We need female political role models

There needs to be more focus on positive female politicians.

Sam Jasenosky

St. Paul held a mayoral forum last week for candidates to speak to constituents. Out of the four candidates present, one of them was visibly different from the rest: Sharon Anderson.

Wearing an eye patch and referring to “Ciley Myrus,” Anderson was hard to take seriously. Even incumbent mayor Chris Coleman was laughing throughout her unusual comments.

Anderson, the only female candidate present at the forum, didn’t even answer the questions posed to her. When she was asked about the condition of city infrastructure, Anderson didn’t answer the question and said she supported legalizing marijuana and prostitution.

Though many who watched the forum know Anderson’s outlandish statements aren’t representative of most female politicians, my immediate concern was for impressionable viewers.

Specifically, I worried about young girls who see Anderson and think she’s an example of a serious female politician.

Even people who don’t keep up with politics noticed the forum. Friends of mine from St. Paul, who are uninterested in politics, posted links to videos of the forum on Facebook because of Anderson’s bizarre demeanor.

In Minneapolis, the female candidates for mayor are much more realistic role models. Betsy Hodges was responsible for reforms that saved Minneapolis from $20 million in potential property tax increases. Jackie Cherryhomes served as president of the Minneapolis City Council for eight years.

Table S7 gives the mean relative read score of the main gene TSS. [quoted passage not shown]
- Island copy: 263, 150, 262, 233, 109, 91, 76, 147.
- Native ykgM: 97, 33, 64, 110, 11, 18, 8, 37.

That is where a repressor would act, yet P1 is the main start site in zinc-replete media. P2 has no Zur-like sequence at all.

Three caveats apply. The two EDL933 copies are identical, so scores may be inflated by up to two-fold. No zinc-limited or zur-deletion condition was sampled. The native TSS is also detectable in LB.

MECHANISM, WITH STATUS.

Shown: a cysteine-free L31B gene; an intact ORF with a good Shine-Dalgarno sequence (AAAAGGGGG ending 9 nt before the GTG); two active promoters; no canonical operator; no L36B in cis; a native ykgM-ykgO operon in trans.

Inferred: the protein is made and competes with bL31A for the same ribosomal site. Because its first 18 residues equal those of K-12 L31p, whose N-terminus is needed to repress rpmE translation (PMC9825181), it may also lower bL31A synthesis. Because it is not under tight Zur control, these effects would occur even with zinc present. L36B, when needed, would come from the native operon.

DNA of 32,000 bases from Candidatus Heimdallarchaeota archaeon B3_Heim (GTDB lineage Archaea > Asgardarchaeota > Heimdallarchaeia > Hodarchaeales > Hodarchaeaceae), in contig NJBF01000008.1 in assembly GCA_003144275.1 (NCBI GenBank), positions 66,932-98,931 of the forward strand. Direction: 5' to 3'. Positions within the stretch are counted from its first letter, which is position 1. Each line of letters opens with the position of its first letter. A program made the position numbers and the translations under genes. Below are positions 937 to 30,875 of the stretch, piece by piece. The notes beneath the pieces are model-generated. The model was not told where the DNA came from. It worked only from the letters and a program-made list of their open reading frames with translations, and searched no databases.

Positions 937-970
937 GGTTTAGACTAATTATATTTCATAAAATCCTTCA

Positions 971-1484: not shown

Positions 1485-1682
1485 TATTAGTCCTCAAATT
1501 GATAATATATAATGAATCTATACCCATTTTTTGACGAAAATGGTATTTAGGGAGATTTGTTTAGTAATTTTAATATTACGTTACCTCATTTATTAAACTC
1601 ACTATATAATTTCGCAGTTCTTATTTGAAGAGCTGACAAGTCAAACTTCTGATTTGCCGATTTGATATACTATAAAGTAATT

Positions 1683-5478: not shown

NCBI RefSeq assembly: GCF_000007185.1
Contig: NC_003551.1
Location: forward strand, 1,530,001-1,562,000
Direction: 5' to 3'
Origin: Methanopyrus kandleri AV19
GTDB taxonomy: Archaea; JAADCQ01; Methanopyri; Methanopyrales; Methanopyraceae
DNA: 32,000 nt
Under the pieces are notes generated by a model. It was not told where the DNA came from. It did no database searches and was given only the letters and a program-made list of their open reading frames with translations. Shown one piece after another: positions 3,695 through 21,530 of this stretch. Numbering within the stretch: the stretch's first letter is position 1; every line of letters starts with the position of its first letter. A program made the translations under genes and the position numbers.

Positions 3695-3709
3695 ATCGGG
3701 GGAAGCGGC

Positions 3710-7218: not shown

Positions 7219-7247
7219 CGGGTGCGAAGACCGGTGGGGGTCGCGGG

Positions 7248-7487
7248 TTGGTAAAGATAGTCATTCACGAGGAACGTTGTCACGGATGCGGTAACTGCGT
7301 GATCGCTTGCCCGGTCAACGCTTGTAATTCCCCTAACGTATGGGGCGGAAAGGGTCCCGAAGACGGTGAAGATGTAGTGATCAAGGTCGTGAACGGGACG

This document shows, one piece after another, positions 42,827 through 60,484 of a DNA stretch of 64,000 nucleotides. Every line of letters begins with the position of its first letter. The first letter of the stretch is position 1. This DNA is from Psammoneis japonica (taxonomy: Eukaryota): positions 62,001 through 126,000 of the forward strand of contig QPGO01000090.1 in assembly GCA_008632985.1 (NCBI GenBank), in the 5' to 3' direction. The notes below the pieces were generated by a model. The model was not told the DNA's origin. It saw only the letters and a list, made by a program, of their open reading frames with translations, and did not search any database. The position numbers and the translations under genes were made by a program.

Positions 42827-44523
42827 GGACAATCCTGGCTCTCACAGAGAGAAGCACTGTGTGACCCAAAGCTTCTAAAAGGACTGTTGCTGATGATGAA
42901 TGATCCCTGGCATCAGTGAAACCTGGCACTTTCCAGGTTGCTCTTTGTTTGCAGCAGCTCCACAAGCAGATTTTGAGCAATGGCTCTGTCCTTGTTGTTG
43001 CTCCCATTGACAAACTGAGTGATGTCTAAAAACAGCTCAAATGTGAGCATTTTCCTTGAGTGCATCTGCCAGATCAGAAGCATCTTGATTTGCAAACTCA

The issue isn’t that positive female politician role models don’t exist — Minneapolis’ candidates prove they do. The problem is that sensational candidates like Anderson receive more media attention than some realistic candidates like Hodges and Cherryhomes.

Twenty years ago next week, Sharon Sayles Belton was elected mayor of Minneapolis. Sayles Belton was the city’s first African-American and first woman to be elected mayor. Under Sayles Belton’s office, crime rates were at their lowest in decades. Her office also brought Target to Nicollet Mall in downtown Minneapolis, which improved the local economy.

In fact, her accomplishments were so beneficial to Minneapolis that Mayor R.T. Rybak announced in February that the renovated Frank Lloyd Wright-inspired bridge over Interstate 94 would be named the Sharon Sayles Belton Bridge.

Women like Sayles Belton, Hodges and Cherryhomes are the kinds of female political candidates that should garner media attention.

According to the Global Gender Gap Report for 2013, the United States is ranked 60th in the world for women in politics, meaning 59 other countries have done better jobs of closing the gender gap in politics than we have. The U.S. doesn’t even make the list of the top 20 countries overall (economic equality, health, education, etc.) for women.

We live in a country where women are half the population yet don’t even hold 100 seats in Congress.

The message sent out to young girls who see Anderson’s crazy escapades is that this is what the country thinks of female politicians: They’re eccentric, they’re sensational and they wear tacky pirate gear in professional settings.

It’s bad enough that a multitude of factors embedded in our culture already work against encouraging young girls to seek positions of power. We don’t need the media to emphasize the outlandishness of one female politician even more.

Instead, young girls should be exposed to the great strides that women like Hodges and Cherryhomes aim to make for their city.